Reports from the Field

Madagascar Volunteer Trip July 2018

Environmental Conservation Internship in Peru report by Javier


“From July 1st to August 1st, I worked alongside the Madagascar project in construction and wildlife conservation in the Anosy region. The first two weeks I spent in the village of Manambaro constructing a primary school for the children along with three other volunteers and Malagasy locals hired by the project. We spent the bulk of our days moving granite rocks into the building and laying them together to build the floor. After the floors were started, we mixed cement by shovel for hours and passed it off to the Malagasy workers to lay down over the rocks and create a smooth flooring. The rest of our work consisted of painting the interior walls of the school and building desks for the children.

We all really enjoyed this work despite how physically challenging it could be. It was fulfilling to see our progress after only a few hours of work, and have tangible results as proof of our efforts. The children and older residents of Manambaro expressed their thanks to us by welcoming us into their home and offering us a meal, saying that our work made an important difference to the community.

After construction, they transported us to Sainte Luce Reserve to aid in wildlife conservation. This work primarily consisted of long forest walks to record data on lemurs, frogs, geckos, logging, tree growth, and other indicators of a healthy natural environment.  This work was at a much slower pace and overall less exciting than the construction work. For someone interested in herpetology or nature – the work is interesting. However I did not enjoy it as much. Nonetheless, I made the most of my time and am glad I got to experience both areas of the volunteer work.

The hardest part of the entire experience was probably the physical adjustment to the environment; everyone got diarrhea (some more than others) or other sicknesses. It rained every day for three weeks, which really developed a somber mood within the camp. Showering was only possible every 2-3 days due to the rain and was usually cold as a result of the dreary weather. Rice was the base of all of our meals, which was to be expected, but the lack of flavor and variety after 3-4 weeks was frustrating. The cooks did their best to switch it up by adding cabbage, pumpkin, chicken, or vegetables every day. But overall, rice based meals for 4 weeks was the hardest part for me.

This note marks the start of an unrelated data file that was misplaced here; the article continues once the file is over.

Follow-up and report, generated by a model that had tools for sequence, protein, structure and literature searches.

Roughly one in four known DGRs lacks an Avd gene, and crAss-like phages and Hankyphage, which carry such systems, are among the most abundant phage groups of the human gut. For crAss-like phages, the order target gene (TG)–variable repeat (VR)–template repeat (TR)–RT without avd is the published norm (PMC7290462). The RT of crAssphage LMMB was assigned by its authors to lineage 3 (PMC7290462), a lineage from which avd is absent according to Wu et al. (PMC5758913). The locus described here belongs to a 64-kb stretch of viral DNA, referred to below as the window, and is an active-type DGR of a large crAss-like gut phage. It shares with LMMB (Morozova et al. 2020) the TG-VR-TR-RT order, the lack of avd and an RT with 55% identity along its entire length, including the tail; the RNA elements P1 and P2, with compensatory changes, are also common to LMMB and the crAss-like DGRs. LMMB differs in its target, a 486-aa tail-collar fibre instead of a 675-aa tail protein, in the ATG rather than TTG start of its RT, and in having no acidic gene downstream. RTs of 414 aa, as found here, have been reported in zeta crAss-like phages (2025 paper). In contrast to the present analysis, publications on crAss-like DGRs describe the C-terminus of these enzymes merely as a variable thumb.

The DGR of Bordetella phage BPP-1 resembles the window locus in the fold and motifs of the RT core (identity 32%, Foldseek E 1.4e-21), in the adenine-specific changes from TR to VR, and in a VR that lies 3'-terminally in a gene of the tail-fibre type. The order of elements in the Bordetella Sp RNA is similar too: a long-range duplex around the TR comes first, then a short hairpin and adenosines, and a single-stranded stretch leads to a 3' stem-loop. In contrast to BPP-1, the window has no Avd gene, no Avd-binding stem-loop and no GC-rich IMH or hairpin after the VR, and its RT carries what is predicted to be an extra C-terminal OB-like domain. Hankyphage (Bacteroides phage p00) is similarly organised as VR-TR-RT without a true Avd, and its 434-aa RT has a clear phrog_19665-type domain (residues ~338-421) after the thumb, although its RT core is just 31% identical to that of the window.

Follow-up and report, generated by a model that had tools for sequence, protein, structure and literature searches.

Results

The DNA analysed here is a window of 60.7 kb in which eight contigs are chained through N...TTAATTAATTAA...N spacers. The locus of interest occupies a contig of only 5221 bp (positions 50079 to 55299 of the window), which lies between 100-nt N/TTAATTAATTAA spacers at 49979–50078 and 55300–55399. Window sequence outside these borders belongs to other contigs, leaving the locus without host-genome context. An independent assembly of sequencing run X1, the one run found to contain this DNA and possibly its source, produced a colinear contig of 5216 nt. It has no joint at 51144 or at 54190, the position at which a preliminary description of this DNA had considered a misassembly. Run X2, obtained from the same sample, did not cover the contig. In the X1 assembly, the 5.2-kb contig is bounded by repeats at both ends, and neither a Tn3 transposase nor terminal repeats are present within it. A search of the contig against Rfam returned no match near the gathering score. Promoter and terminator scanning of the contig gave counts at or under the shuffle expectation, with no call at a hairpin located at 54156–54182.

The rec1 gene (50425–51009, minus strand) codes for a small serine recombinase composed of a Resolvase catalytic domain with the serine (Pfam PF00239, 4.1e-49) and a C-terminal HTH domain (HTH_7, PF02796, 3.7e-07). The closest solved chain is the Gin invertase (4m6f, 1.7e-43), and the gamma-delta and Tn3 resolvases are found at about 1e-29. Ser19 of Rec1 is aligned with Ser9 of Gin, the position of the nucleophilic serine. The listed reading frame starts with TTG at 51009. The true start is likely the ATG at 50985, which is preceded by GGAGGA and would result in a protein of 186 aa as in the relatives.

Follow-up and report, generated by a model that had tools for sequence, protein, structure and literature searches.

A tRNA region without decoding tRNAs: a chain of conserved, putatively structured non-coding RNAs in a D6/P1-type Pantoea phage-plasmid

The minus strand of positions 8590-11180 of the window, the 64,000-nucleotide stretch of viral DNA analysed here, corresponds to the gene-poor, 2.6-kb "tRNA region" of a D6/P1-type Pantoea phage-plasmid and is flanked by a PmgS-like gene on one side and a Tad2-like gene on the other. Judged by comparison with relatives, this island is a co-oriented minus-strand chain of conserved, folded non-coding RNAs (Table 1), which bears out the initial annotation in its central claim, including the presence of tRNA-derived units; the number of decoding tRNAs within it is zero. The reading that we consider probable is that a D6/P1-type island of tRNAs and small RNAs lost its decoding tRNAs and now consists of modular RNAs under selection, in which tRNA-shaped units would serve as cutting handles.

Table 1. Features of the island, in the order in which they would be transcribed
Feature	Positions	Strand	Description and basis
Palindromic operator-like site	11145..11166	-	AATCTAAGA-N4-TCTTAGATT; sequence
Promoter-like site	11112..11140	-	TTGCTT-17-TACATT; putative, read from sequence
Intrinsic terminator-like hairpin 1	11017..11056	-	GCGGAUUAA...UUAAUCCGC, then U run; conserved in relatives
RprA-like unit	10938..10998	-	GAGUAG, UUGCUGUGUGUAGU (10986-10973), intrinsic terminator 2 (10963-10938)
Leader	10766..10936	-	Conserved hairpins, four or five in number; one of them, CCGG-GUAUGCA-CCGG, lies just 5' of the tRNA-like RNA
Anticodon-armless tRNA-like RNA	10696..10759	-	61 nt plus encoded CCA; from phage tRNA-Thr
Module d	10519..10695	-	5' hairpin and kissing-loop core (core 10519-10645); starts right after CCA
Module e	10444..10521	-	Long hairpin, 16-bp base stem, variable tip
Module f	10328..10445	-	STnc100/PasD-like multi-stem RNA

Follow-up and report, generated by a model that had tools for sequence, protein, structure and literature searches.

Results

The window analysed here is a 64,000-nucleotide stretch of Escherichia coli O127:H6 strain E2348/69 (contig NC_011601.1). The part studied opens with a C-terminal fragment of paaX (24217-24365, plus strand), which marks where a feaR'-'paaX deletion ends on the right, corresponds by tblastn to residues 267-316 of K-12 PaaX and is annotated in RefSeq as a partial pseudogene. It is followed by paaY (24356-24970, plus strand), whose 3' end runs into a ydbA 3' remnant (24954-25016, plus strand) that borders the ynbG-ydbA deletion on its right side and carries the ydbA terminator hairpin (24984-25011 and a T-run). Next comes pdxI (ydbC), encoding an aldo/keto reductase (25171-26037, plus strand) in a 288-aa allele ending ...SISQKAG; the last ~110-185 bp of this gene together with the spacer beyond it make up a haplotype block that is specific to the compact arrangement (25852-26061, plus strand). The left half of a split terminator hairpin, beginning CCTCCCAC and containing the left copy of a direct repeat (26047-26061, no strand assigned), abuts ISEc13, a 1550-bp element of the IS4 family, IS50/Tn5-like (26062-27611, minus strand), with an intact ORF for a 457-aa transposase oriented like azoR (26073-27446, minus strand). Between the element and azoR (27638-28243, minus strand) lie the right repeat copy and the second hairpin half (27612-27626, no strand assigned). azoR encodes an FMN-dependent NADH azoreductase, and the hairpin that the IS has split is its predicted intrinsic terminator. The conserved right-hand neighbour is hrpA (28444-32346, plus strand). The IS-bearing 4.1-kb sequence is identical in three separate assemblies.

The showering, sleeping, and eating conditions were expected and disclosed to us before travelling, and it was all doable without complaints because there was no alternative. This taught me to reject negative thoughts about my circumstances in Madagascar and acknowledge the contrast between my every day lifestyle in America and that of the Malagasy people. I definitely feel stronger and tougher in character after my time in the country, and I have a new found appreciation for the things I once took for granted such as a hot shower, plumbing, air conditioning and electricity, a comfortable bed, and full meals at any given time.

As for my expectations with the project – I thought wildlife conservation would be my favorite part of the entire trip, when really, construction took the spotlight. I did not expect to become so close to my fellow volunteers and to miss them so much when our time in Madagascar ended. I am thankful that this project brought us together from different corners of the world and connected us. I am grateful to the staff and our Malagasy guides for taking such good care of us at all times and treating us not as subordinates, but as equals. One thing I did not predict was the amount of laughter we all shared on the daily, and they are my favorite memories to share with those back home.

I would recommend this project to someone who wants to experience a culture unlike one they have seen before. This program is not for someone who is unable to adapt to a completely different way of living than that of a first world country. I would also not suggest this to someone who is highly impatient, because everything in the country does take a considerable amount of time. For those who love natural beauty and friendly and welcoming citizens, this country has plenty of it.

Overall, I am glad I signed up for this adventure. Though in the future I may choose a shorter amount of time in a third world country, I am grateful for the full experience and will remember my time in Madagascar for the rest of my life.”

by Regan Beauchamp 2018


Forestry and Wildlife Conservation in Madagascar

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